Rarely had so much flying expertise been assembled in one cockpit. A training pilot was sitting behind Captain Richard de Crespigny, who was completing his annual flight test. Sitting next to them was a third captain whose job was to supervise the training pilot. Together, the Airbus A380 operated by Australia's Qantas Airways had a total of 100 years of flying experience sitting in its cockpit.
Four minutes after takeoff from Singapore, that accumulated expertise was suddenly in great demand. At an altitude of 2,000 meters (6,560 feet), engine two of the double-decker aircraft exploded. The loud bang of the detonation had hardly faded away before 53 error messages appeared on the monitors.
Upon reading the matter-of-fact messages, the five pilots realized immediately how serious the situation was. Kerosene was leaking from two of the 12 fuel tanks, which meant that the plane could catch fire at any moment.
"It was unbelievably stressful. But in a situation like that, you have no choice but to keep on going," says Richard Woodward. The captain knows what he is talking about. He also flies the A380 for Qantas, is the vice president of the International Federation of Airline Pilots' Associations (IFALPA) and has looked after the crew since the near-catastrophe almost two weeks ago. "The crew has dealt with this situation extraordinarily well," Woodward reports. "They're like horseback riders who, after a fall, are eager to get back on their horses."
Failed to Activate
The men have given him their accounts of those dramatic moments in the air. There were no warnings before the engine exploded -- no change in oil pressure, no unusual vibrations, nothing. When the explosion occurred, the captain quickly pressed an emergency button that activates an automatic extinguishing system when there is an engine fire. But the system failed to activate. "It was clear to him at that point that there must have been more damage," says Woodward.
One of the training pilots ran back into the cabin, where he saw the holes in the wing caused by loose metal parts from the turbine. As a result, De Crespigny could not dump fuel properly to reduce the weight of the fully fueled aircraft for an emergency landing. He was also unable to pump kerosene from the back to the front of the aircraft, causing it to become increasingly unstable as kerosene escaped.
The incident raises serious questions for both engine manufacturer Rolls-Royce and Airbus. "How could there have been this much loss of function?" asks Woodward.
One of the two hydraulic systems failed and important connecting cables were severed, including those leading to the outer engine one. Although the pilot could still control the engine manually, it could no longer be shut off, so that firefighters had to smother it with extinguishing foam after the emergency landing.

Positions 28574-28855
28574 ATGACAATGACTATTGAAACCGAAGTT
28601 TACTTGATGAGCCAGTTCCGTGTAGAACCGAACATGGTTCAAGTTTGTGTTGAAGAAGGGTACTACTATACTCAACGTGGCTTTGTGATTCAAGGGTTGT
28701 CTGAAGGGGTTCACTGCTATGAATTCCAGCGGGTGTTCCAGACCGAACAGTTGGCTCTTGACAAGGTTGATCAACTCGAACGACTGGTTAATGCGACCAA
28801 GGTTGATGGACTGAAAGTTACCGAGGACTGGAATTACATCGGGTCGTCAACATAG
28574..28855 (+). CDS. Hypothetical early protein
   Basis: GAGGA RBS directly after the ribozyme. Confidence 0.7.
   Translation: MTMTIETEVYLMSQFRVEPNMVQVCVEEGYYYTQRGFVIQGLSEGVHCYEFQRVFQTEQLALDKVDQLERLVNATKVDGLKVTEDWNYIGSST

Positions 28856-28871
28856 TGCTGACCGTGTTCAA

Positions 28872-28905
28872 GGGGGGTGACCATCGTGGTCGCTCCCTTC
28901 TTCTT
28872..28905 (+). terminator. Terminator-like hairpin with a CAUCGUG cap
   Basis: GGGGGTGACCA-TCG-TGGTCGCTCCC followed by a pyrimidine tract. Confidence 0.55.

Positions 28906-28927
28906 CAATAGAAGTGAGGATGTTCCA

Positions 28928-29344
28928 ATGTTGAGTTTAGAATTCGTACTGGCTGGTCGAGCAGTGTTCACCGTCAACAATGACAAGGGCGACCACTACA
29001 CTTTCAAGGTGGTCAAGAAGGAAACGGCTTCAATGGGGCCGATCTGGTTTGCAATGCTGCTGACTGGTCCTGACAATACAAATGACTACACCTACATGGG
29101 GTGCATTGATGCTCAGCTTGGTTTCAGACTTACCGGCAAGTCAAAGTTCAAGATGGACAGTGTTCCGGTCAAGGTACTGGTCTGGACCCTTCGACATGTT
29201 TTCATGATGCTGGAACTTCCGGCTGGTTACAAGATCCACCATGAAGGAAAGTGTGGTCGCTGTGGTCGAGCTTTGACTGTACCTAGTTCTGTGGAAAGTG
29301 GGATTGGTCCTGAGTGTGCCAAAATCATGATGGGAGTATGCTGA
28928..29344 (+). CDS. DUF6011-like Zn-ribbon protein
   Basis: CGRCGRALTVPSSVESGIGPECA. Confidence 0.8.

"This raises the question of whether the aircraft is improperly designed," says Woodward. "Apparently certain connections are not redundant; or the two cables are positioned so close together that the shrapnel destroyed them simultaneously."
The aircraft manufacturer is defending itself against such accusations. The aircraft, says Airbus spokesman Stefan Schaffrath, was "controllable until the landing," and the autopilot continued to function. "There are two separate hydraulic and electrical systems," Schaffrath adds.
But some of the brakes were no longer working properly. Luckily, the pilots were able to land in Singapore, which has a very long, 4,000-meter runway.
Another dramatic aspect of the emergency landing was that an anti-lock system also stopped working. Three tires burst when the plane touched down as a result, sending sparks into the air. "And that was with two holes in the tank!" says Woodward.
At least the reason for the engine explosion is now clear. Last week, Rolls-Royce identified a defective part in the turbine, which caused an oil leak that led to the fire. Of the superjumbo jets delivered to date, 20 are affected by the problem, including three at Lufthansa. The defective engine part will gradually be replaced.
Qantas pilot Woodward is pleased that his company has made a "very conservative safety decision" to temporarily ground the A380. But he does wonder why the other airlines potentially affected by the engine defect are not taking similar precautions.
Lufthansa points out that it has such short maintenance intervals that dangerous oil leaks are bound to be discovered. But Woodward isn't convinced, saying: "Our plane had just returned from maintenance in Frankfurt, and the accident happened nonetheless."